Barbecue is really when you are grilling meats for a longer period of time. Generally you will be using indirect heat. Indirect barbecuing is when you are cooking the meats beside the flames and not directly over them. It’s used for large or tough cuts of beef, such as whole chickens, turkeys, and briskets.
To cook indirectly on a charcoal grill, you rake the hot coals into 2 piles at opposite sides of your grill. Place a drip pan under the grate and below the meat so you can catch the fat drippings, which will keep the flames from igniting.
Using a gas grill, just turn off 1 of the burners and place the meat over the unlit burner.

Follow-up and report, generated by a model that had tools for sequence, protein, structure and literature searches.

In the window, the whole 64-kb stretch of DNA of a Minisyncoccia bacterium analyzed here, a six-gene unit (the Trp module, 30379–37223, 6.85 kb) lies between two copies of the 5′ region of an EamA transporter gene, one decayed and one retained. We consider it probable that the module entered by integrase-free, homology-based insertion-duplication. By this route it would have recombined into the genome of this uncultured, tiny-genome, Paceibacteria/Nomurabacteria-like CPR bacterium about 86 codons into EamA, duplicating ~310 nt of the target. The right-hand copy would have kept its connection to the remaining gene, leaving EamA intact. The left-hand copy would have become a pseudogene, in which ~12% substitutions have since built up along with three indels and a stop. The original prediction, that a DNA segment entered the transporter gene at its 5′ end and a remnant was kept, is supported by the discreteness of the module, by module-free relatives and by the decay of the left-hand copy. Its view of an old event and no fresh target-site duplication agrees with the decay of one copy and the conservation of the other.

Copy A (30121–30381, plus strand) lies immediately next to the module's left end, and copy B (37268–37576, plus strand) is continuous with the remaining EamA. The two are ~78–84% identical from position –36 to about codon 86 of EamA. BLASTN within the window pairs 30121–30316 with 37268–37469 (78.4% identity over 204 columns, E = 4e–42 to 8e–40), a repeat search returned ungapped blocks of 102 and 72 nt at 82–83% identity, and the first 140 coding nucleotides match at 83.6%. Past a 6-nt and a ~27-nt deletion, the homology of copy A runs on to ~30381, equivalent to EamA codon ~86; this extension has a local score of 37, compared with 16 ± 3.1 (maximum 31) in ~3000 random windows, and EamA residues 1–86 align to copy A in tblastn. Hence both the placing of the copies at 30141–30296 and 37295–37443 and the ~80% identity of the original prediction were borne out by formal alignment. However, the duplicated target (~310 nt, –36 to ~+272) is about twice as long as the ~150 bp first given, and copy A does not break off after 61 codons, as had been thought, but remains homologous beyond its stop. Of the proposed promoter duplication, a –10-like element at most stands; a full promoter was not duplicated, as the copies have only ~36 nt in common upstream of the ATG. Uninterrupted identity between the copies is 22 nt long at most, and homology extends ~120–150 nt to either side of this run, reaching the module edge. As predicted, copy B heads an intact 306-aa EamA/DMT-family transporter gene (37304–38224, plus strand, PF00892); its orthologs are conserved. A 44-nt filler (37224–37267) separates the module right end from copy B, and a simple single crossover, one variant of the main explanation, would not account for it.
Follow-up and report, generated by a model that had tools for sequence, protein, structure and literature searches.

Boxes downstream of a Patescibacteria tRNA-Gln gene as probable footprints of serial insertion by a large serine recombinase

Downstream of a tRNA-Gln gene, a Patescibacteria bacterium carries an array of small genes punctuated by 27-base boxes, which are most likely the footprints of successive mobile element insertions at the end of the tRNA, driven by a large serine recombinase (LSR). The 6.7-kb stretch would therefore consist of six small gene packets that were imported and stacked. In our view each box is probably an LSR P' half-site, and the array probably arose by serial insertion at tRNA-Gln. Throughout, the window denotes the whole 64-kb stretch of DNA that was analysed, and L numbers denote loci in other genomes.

Using indirect grilling, you have to always cover the grill so it retains the heat and acts more like an oven. Turn the meat when it is ready and don’t continually lift the hood to check on it. The idea is to keep a high temperature so the meat can slowly cook and when you are continuously lifting the lid to check it or turn the meat, you lose heat.
Actually you should not be continually turning meats even when grilling. We’ll discuss that later.